In closing, as long as animals produced using genetic engineering, even those that could have been produced using conventional breeding,  are subjected to unique regulatory scrutiny not required of identical products produced using conventional breeding, research in food animals using genetic engineering for agricultural applications will be cost-prohibitive in the United States.

Another question the USDA poses is,

“Should USDA exempt certain types of genetic modifications of amenable species intended for agricultural use from regulation?  If so, what types of modifications and why?”

I would suggest that the SECURE up-front exemptions for certain types of modifications in plants, specifically a modification (1) resulting from natural cellular repair of a targeted DNA break without any introduced DNA to direct the repair;  (2) that is a targeted single base pair substitution; or (3) that introduces a gene known to occur in the plant’s gene pool, or causes a change in a gene that corresponds to a version of that gene present in the organism’s gene pool should be extended to genetically engineered animals.  These exemptions were primarily designed to exclude from regulatory oversight organisms that could have been achieved using conventional breeding. Just like the Coordinated Framework calls for.

If you have comments on the contemplated regulatory framework, there is a 60 day public comment period that closes 2/26/2021. I would encourage all people working in this field to post comments. Comments can be posted Federal eRulemaking Portal: https://beta.regulations.gov/comment/APHIS-2020-0079-0005. Go to  Supporting documents and any comments that are received on this Advance Notice of Proposed Rulemaking may be viewed at https://beta.regulations.gov/comment/APHIS-2020-0079-0005.

In the words of one commentator

“It, of course, remains to be seen what will be the Biden Administration’s approach to ag biotech; however, given the consistency of approach to the evolving ag biotech regulatory structure by both the Obama and Trump Administrations, it would not be surprising if the Biden Administration also continued the evolution of a more science-based, evidence-based, and risk-based approach to regulation of ag biotech – including genetically engineered animals. It would behoove stakeholders that would support such consistency of regulatory approach to submit detailed comments that would assist USDA in developing such a notice of proposed rulemaking (NPRM).

As with all opportunities to provide comments on Federal agency proposals, it is important to submit concise, substantive, and well-supported and well-documented comments to the administrative docket. In this case, given the trans-Administrations nature of the action, it is important that interested stakeholders use this opportunity to best advantage to urge the Biden Administration to continue a 21st Century approach to regulating ag biotech.”         Keith Matthews, Wiley Rein LLP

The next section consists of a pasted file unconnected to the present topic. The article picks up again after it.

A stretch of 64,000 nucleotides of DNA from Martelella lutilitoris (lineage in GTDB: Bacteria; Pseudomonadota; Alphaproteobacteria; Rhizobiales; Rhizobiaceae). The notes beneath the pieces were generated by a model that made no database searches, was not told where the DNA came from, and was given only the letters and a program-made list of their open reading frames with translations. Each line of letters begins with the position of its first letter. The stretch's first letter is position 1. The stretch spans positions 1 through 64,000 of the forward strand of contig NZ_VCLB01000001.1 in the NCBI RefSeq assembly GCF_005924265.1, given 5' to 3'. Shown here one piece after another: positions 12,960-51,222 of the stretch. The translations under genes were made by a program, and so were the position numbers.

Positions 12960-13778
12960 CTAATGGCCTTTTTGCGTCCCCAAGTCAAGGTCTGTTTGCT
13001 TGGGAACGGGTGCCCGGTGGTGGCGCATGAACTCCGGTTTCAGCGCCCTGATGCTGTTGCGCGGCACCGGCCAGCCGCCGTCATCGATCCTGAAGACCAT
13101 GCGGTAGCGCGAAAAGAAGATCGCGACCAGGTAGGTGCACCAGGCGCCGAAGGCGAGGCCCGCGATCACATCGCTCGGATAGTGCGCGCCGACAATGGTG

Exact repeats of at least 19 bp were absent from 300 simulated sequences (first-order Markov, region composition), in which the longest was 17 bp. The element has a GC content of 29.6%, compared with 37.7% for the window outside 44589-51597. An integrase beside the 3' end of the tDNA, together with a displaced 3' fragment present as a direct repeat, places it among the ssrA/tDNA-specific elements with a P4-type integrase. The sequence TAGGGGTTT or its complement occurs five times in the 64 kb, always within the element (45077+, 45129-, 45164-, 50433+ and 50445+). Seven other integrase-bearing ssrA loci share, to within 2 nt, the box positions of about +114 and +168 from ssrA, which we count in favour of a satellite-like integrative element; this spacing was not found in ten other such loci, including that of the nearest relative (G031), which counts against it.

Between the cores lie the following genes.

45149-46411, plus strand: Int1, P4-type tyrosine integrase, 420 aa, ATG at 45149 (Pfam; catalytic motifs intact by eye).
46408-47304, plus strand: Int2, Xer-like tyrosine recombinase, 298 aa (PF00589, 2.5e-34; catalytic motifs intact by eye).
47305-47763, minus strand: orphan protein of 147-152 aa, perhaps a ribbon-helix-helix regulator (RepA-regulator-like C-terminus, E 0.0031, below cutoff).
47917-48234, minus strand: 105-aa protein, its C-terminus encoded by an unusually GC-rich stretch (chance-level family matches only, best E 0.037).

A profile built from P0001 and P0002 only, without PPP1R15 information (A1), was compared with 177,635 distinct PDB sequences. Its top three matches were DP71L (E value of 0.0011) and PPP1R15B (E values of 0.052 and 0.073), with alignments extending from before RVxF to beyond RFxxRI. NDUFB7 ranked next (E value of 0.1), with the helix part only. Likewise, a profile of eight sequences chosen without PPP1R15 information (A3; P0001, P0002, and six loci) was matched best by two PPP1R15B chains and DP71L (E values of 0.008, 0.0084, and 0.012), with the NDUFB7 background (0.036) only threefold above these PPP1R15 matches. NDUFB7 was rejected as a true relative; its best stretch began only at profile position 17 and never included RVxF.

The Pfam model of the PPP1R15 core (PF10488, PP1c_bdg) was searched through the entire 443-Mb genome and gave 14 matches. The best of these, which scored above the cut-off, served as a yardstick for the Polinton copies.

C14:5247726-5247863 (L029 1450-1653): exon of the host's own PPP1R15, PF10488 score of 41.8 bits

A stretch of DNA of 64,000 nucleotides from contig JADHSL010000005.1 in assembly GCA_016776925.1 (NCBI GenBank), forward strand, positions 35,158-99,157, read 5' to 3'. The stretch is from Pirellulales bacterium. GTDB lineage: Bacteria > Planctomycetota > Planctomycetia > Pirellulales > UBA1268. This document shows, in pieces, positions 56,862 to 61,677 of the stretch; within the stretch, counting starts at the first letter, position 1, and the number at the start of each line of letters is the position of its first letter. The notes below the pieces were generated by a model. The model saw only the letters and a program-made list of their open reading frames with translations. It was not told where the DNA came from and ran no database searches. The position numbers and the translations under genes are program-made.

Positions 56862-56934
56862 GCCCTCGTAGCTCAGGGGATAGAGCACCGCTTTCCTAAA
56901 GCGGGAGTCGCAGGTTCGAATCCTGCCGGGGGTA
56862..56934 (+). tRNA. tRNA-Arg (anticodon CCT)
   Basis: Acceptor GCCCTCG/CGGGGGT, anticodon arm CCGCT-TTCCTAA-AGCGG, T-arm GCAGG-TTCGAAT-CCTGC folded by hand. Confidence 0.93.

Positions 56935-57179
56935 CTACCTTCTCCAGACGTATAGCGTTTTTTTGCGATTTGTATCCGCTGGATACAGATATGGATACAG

Alternative meats and alternative statistics: What do the data say? 1 of 4

(*****This series of 4 BLOG posts (1,2,3,4) is extracted from my paper from the Proceedings of the Range Beef Cow Symposium XXVI, November 18-20, 2019. Mitchell, NE. pages 37-49.*****)

The alternative animal product arena is complex and quite varied. Some products are entirely plant product derived and employ only plant origin proteins or metabolites. Other endeavors are using cells of animal origin to derive a more structurally similar meat yet still with animal genomes. Most of the analysis and discussion, though, has focused on bovine alternatives because of the iconic position of cattle in many climate and sustainability discussions.

There are two ‘alternative meat’ sources that are often confused. One is so called “plant-based” or “vegan meat replacements” (e.g. Beyond Burger). These types of “veggie” burgers have been around a long time (e.g. Morningstar Farms, Boca Burgers), and now have some bells and whistles like genetically-engineered heme to make them bleed (e.g. Impossible Burger), but at the end of the day they consist of plant-sourced material being molded into a meat substitute type product. They are currently being sold at some fast food restaurants, and in supermarkets. Impossible Burger recently received safety approval for its genetically engineered heme as a color additive in ground beef analogue products, opening the way for its sale in supermarkets.

These are DIFFERENT to cultured meat, which is the term I am going to use to refer to animal cells grown in cell culture. This technology has other terminology – some appealing (e.g., in vitro meat, cellular meat, fermented meat, or slaughter-free meat, clean meat), and some derogatory (e.g. artificial meat, synthetic meat, zombie meat, lab-grown meat, non-meat, or artificial muscle proteins). This is discussed in my 2018 article “Why cows are getting a bad rap in lab-grown meat debate”.